Next generation sequencing of bacteria to control Ciprofloxacin and amoxyclav antibiotic resistance in ear infections

  1. Mahesh Chandra Sahu1*,
  2. Santosh Kumar Swain2

Authors Affiliation(s)

  • 1Directorate of Medical Research, IMS & Sum Hospital, Siksha ‘O’ Anusandhan University, K-8, Kalinga Nagar, Bhubaneswar 751003, Odisha, INDIA
  • 2Department of Otorhinolaryngology, IMS and Sum Hospital, Siksha ‘O’ Anusandhan University, K-8, Kalinga Nagar, Bhubaneswar 751003, Odisha, INDIA

Can J Biotech, Volume 1, Special Issue-Supplement, Page 269, DOI:

Presenting and *Corresponding author:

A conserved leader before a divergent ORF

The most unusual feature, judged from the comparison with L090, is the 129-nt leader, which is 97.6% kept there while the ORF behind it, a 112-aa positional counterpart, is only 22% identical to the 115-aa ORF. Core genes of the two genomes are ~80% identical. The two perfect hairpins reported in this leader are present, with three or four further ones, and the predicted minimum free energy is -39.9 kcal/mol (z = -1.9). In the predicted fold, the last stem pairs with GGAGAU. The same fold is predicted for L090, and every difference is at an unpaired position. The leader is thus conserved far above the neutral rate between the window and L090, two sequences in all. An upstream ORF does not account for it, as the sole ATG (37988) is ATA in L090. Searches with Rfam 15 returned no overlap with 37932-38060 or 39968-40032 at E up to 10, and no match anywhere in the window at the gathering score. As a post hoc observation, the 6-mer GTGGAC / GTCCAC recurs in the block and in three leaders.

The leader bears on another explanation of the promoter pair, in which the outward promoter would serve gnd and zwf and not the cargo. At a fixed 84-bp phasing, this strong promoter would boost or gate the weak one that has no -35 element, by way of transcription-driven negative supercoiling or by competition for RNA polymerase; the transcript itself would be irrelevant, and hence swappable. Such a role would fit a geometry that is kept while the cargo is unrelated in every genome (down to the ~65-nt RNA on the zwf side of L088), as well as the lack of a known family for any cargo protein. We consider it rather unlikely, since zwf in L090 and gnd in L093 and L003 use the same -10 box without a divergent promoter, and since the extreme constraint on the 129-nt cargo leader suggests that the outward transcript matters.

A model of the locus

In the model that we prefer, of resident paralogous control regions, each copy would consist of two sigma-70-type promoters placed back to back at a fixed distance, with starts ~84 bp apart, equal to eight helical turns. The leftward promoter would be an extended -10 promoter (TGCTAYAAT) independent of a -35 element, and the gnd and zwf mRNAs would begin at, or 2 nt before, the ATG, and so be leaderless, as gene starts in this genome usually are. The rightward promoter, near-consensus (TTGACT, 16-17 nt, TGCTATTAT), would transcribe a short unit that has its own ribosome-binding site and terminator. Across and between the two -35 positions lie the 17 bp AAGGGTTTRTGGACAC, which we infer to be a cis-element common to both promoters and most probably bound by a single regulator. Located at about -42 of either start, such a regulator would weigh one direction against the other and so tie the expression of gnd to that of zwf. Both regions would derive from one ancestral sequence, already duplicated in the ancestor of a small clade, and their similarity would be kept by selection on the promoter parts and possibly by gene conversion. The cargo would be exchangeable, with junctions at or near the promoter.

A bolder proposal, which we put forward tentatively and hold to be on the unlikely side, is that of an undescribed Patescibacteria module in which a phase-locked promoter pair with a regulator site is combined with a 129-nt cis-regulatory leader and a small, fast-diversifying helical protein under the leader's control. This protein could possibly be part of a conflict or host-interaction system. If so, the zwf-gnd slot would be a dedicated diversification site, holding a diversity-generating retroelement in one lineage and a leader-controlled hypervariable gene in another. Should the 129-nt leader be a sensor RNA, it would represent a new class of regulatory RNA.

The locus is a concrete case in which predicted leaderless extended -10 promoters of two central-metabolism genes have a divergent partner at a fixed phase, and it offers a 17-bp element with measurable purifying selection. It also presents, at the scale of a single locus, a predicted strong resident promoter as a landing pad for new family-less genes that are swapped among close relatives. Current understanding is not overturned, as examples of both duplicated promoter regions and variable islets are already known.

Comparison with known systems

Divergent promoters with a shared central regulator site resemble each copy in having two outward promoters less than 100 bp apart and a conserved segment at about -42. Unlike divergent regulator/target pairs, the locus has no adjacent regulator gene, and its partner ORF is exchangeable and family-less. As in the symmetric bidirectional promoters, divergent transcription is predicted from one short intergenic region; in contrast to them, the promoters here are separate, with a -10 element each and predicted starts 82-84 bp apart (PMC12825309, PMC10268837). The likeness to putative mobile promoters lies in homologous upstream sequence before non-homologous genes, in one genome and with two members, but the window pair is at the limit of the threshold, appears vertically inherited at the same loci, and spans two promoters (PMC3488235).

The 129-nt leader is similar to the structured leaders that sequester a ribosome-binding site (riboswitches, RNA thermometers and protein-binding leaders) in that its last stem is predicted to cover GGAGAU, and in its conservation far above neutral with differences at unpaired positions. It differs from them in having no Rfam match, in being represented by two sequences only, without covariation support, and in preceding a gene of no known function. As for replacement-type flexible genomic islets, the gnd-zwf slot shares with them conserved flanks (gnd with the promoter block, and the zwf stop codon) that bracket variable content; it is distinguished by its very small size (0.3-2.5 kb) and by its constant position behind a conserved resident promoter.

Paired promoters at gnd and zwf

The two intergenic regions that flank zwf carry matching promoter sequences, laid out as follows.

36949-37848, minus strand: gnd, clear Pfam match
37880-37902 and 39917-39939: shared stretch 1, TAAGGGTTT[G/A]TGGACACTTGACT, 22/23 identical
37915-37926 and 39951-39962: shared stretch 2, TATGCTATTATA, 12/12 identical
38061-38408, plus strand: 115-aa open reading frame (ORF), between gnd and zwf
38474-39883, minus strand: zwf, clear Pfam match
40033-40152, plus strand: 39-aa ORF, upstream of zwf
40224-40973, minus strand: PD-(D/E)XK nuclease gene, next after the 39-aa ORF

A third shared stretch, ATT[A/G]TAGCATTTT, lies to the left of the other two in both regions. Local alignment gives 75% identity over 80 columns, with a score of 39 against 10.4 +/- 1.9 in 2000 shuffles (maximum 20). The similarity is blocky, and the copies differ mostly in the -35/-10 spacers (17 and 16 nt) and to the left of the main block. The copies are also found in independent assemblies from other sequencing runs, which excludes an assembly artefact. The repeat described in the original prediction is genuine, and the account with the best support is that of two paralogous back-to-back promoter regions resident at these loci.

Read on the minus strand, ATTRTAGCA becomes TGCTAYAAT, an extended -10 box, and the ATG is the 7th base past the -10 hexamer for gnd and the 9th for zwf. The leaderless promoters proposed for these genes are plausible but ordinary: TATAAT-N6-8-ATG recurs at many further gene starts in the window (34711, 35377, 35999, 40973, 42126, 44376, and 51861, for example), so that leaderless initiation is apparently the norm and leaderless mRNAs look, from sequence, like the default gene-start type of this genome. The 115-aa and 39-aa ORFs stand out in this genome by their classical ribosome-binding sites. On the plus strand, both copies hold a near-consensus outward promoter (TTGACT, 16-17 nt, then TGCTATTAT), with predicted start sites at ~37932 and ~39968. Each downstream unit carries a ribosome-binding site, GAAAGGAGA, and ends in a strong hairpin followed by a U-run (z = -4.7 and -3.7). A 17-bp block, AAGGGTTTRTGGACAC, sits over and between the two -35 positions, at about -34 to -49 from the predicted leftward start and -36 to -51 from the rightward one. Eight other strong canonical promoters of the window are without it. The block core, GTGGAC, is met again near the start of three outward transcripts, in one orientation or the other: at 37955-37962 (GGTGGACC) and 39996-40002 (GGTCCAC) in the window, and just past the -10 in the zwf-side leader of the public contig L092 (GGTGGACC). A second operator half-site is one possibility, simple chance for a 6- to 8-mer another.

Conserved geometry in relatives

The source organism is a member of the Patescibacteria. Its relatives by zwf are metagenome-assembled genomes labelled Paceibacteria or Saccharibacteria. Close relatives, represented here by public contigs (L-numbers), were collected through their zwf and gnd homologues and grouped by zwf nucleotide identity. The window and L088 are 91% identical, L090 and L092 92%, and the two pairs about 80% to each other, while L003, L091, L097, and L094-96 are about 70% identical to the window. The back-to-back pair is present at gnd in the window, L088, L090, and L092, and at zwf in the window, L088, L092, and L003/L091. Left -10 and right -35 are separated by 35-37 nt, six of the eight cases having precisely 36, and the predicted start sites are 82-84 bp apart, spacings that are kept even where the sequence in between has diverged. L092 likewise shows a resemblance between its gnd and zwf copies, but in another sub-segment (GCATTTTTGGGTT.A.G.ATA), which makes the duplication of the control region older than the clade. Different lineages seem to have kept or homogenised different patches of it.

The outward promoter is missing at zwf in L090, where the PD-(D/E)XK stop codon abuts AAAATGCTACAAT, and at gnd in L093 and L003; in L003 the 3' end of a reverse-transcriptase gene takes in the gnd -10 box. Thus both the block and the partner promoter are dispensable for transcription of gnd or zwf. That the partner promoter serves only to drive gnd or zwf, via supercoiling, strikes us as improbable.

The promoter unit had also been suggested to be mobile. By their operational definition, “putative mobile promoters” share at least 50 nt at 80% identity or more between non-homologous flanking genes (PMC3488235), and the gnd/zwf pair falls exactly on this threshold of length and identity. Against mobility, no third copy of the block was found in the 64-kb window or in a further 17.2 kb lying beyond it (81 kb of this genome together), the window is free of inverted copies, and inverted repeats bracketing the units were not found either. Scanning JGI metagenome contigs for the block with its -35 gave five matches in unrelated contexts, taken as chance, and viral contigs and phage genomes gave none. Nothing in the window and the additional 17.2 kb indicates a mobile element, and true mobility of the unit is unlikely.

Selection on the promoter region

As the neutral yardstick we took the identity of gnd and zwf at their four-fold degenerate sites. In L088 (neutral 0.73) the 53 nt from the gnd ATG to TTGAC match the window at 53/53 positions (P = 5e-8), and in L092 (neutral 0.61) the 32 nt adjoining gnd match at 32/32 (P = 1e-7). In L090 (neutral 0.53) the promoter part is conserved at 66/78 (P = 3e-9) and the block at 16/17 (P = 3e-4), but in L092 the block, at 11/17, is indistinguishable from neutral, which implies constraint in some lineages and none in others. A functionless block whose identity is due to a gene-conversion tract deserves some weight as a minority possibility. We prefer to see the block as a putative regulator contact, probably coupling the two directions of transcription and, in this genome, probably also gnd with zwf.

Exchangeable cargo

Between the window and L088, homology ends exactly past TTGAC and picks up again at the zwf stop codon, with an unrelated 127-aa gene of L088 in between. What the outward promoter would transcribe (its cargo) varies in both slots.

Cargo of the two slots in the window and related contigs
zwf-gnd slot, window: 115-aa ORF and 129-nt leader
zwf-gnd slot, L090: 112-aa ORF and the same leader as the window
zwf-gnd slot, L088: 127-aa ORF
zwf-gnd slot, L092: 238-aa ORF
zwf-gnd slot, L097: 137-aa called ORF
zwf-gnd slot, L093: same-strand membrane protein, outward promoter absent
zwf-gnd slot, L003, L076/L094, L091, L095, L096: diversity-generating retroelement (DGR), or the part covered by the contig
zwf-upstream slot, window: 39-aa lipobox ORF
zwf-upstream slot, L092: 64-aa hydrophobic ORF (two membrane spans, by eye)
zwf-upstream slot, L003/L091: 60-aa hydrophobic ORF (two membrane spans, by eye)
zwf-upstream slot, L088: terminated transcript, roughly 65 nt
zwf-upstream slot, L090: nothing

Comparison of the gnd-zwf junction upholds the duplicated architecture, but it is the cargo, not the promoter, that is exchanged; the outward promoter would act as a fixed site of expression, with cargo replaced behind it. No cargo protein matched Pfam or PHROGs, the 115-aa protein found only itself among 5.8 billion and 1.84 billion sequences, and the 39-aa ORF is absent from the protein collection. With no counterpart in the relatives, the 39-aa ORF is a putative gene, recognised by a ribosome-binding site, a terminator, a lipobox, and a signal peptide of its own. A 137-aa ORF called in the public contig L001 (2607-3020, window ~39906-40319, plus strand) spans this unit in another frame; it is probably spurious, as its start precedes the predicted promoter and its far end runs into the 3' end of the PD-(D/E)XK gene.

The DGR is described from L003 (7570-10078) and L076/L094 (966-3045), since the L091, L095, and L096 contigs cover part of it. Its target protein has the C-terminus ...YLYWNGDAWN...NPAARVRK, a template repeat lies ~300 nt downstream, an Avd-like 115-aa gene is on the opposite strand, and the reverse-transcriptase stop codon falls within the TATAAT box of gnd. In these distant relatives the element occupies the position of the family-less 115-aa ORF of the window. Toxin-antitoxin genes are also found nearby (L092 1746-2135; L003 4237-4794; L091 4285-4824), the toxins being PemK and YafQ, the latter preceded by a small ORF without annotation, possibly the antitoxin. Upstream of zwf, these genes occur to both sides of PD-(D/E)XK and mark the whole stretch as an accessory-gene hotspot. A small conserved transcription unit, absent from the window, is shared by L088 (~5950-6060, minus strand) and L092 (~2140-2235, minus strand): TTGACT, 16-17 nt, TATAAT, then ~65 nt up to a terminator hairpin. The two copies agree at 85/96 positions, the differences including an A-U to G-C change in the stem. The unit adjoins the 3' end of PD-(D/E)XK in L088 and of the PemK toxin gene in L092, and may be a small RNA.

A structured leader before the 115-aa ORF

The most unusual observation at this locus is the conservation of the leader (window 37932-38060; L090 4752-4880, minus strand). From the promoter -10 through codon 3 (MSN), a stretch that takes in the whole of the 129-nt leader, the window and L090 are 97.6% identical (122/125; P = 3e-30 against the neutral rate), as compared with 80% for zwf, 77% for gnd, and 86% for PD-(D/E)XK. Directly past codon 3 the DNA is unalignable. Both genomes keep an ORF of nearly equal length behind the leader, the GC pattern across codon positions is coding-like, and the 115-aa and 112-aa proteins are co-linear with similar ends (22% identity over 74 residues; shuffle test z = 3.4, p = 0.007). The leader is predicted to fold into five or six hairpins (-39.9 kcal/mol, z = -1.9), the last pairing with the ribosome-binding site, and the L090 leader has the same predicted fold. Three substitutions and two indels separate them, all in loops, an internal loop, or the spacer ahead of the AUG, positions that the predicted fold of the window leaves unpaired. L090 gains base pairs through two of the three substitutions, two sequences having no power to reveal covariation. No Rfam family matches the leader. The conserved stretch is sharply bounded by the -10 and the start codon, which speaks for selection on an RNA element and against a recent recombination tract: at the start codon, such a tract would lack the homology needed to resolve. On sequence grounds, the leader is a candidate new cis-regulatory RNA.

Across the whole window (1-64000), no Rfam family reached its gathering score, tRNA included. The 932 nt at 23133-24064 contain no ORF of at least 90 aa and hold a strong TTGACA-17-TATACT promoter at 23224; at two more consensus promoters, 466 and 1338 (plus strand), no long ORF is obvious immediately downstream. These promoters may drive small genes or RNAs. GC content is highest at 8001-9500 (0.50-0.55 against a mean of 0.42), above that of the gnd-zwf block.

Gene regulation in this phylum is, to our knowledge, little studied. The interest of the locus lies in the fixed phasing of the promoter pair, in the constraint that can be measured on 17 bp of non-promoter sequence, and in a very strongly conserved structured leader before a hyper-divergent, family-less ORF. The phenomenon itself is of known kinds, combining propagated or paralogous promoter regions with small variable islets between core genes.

Long standing ear infection or chronic suppurative otitis media (CSOM) is the inflammation of middle ear cleft persistent or intermittent infected ear discharge from a non-intact perforated tympanic membrane at least for 3 months of duration. Commonly ciprofloxacin and amoxyclav are used as safe and popular antibiotics for CSOM. But unfortunately the antibiotics become resistant due to the over use or miss use. To know the culture sensitivity of antibiotic pattern, it requires minimum 5 days and after getting the result, the clinician may or may not prescribe these antibiotics. But it is a time consuming method. The recent improvements in sequencing technologies, next generation sequencing (NGS) are positioned to become an essential tool in the control of antibiotic resistance, a major threat in modern healthcare. NGS has already found numerous applications in this area, ranging from the development of novel antibiotics and diagnostic tests through to antibiotic stewardship of currently available drugs via surveillance and the elucidation of the factors that allow the emergence and persistence of resistance. Numerous techniques can be developed in the value of NGS as a tool for infection control caused by bacteria as a primary diagnostic tool to detect ciprofloxacin and amoxyclav antibiotic resistance. However, appropriate data analysis platforms will need to be developed before routine NGS can be introduced on a large scale. The result will reveal the early detection of the efficacy of these antibiotics (ciprofloxacin and amoxyclav) with the clinic-microbiological profile of CSOM and to analyze the susceptibility pattern of the aerobic bacterial isolates, so that an antibiotic policy can be formulated for CSOM, for better patient management.